When Cindy Todeschi created an assistance program for refugees at her church, she never expected anyone outside Boise, Idaho, to know about it. But when a film crew from the United Methodist Church’s national headquarters created a short video about the program it captured people’s attention, drawing calls from reporters and pastors all over the country.
The video shows the story of a Syrian family of five who were “adopted” by four couples from the First United Methodist Cathedral of the Rockies church. When the government struggled to find housing for the refugees, one of the church’s families, the Stuckeys, invited them into their home for 10 days.
“What we found is that they’re just like us,” Zach Stuckey says. “They’re just exactly the same people as we are, they just happened to live in a place where people were bombing each other.”
After a year, the 3,000-member Cathedral of the Rockies church has approximately 100 people who serve in the ministry, buying basic needs for incoming families, volunteering as conversation partners to help refugees practice conversational English or “adopting” families who are relationally isolated and in need of community. Considering the current political climate regarding Muslim immigration, programs like this could be seen as controversial; however, Todeschi says there’s no question this is where the church should be serving.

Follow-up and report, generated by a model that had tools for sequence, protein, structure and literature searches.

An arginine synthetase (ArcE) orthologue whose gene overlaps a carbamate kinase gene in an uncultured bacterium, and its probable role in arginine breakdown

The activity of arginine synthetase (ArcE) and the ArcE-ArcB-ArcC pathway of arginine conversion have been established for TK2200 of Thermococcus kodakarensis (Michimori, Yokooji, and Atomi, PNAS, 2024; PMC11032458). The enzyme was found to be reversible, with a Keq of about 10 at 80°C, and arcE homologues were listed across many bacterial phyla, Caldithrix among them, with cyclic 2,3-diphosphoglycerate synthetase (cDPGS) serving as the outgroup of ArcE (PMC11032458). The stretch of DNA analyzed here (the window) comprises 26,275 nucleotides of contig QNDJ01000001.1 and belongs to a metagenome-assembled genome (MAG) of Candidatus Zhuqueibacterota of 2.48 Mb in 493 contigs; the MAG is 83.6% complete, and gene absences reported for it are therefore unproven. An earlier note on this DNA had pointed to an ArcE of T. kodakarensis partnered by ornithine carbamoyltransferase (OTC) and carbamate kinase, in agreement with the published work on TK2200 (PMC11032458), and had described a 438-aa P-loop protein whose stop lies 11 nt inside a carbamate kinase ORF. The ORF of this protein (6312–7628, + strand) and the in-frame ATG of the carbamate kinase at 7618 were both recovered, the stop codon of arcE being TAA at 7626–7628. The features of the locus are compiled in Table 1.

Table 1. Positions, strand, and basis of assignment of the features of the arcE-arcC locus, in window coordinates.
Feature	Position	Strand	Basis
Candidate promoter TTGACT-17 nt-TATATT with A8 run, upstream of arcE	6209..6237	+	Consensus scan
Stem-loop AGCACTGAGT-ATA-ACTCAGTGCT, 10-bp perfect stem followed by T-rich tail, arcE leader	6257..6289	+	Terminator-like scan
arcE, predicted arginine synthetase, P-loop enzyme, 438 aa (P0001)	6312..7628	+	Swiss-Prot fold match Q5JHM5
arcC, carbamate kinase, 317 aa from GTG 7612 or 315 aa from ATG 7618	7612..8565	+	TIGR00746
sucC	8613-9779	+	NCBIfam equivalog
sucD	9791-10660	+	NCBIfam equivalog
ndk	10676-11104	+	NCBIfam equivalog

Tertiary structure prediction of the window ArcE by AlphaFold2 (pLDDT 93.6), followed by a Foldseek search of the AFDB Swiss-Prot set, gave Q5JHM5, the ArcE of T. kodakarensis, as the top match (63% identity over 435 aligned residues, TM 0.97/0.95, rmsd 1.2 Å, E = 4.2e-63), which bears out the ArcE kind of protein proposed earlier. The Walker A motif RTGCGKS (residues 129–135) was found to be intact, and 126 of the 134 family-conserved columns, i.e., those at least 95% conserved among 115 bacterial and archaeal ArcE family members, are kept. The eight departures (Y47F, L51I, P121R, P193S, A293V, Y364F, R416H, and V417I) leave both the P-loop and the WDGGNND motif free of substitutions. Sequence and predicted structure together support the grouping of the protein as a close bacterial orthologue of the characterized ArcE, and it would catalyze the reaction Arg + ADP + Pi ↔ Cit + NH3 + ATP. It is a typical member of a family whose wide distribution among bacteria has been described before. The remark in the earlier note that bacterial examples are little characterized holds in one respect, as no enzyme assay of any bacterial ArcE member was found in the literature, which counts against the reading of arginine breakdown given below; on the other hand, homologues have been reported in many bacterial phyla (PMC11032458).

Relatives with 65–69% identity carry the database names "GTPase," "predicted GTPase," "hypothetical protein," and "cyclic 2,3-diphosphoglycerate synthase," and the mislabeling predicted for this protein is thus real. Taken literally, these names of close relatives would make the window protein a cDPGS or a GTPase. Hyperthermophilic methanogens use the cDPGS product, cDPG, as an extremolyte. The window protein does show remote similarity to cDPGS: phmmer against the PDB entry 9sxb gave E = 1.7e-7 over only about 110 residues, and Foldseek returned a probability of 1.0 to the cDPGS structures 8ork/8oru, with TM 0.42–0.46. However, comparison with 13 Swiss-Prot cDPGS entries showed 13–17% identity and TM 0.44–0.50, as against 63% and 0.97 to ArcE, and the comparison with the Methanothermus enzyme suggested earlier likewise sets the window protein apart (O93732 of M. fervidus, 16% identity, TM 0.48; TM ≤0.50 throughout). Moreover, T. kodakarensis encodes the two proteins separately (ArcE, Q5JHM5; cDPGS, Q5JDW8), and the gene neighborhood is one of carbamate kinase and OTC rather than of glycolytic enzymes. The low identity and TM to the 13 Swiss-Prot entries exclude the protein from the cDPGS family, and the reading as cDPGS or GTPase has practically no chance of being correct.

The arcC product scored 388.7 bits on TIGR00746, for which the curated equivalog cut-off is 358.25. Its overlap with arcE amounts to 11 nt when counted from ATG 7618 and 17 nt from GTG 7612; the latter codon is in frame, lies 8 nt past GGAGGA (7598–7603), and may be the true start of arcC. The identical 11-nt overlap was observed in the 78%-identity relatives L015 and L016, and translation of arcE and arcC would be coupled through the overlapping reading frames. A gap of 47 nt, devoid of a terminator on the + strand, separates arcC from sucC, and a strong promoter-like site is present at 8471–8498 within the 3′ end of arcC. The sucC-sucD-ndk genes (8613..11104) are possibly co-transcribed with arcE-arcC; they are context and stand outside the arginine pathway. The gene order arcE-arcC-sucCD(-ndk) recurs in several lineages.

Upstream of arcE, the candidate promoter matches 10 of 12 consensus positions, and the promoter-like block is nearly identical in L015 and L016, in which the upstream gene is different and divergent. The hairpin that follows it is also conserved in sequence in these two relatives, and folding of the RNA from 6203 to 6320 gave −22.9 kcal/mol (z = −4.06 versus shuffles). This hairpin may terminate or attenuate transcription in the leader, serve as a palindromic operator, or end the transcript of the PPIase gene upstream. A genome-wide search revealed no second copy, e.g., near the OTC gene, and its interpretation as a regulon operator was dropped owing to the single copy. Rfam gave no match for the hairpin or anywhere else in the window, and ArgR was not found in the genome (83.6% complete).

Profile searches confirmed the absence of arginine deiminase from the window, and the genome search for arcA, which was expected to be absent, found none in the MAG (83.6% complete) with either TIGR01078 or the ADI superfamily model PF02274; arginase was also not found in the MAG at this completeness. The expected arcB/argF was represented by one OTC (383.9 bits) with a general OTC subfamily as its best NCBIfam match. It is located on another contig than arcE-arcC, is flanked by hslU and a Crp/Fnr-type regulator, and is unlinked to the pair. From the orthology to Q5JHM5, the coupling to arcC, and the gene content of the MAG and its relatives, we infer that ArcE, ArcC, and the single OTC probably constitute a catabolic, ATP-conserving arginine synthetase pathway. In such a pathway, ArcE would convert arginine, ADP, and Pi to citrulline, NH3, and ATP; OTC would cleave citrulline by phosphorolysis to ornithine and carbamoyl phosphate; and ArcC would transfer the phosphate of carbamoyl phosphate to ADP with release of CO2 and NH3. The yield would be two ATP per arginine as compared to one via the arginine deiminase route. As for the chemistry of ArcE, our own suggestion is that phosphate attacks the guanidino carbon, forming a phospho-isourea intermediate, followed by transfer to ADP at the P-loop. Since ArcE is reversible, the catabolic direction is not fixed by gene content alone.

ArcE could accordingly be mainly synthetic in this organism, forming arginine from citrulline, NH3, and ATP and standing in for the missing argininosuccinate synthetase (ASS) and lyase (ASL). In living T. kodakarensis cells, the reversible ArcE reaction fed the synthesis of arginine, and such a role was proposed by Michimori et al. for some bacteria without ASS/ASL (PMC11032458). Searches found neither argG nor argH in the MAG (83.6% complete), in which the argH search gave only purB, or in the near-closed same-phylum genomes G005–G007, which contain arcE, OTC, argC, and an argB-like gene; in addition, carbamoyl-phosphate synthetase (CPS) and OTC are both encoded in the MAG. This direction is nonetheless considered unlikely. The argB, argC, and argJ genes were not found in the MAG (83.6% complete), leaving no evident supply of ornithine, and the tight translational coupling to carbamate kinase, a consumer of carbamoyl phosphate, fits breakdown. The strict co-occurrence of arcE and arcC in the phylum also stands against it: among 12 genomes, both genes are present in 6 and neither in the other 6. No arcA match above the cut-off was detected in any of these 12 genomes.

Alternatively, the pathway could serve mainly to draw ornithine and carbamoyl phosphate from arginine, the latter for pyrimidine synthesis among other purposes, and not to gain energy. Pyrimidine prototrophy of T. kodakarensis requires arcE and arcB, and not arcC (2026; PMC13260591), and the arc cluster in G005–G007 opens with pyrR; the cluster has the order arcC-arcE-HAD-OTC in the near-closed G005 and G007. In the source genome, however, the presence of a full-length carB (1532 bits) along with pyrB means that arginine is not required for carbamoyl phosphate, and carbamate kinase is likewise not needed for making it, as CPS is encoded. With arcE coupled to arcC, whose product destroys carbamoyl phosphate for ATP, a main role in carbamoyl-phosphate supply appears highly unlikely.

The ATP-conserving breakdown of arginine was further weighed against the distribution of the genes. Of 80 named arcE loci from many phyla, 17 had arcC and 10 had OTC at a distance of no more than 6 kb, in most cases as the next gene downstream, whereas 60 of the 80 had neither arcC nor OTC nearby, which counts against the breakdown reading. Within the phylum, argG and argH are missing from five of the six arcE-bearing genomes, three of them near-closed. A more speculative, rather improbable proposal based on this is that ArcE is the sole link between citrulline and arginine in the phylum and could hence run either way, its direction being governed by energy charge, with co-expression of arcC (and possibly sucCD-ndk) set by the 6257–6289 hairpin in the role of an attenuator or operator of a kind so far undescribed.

“I don’t think we should question whether it’s a good idea to serve refugees in today’s political climate, because I don’t think this is political—it’s biblical,” Todeschi says. “It’s about discipleship. We don’t think about it any more than we think about serving a hot meal to our homeless population or providing coats to less-fortunate kids in the elementary school. We’re not thinking of it as something controversial. You just find a way to help however you can.”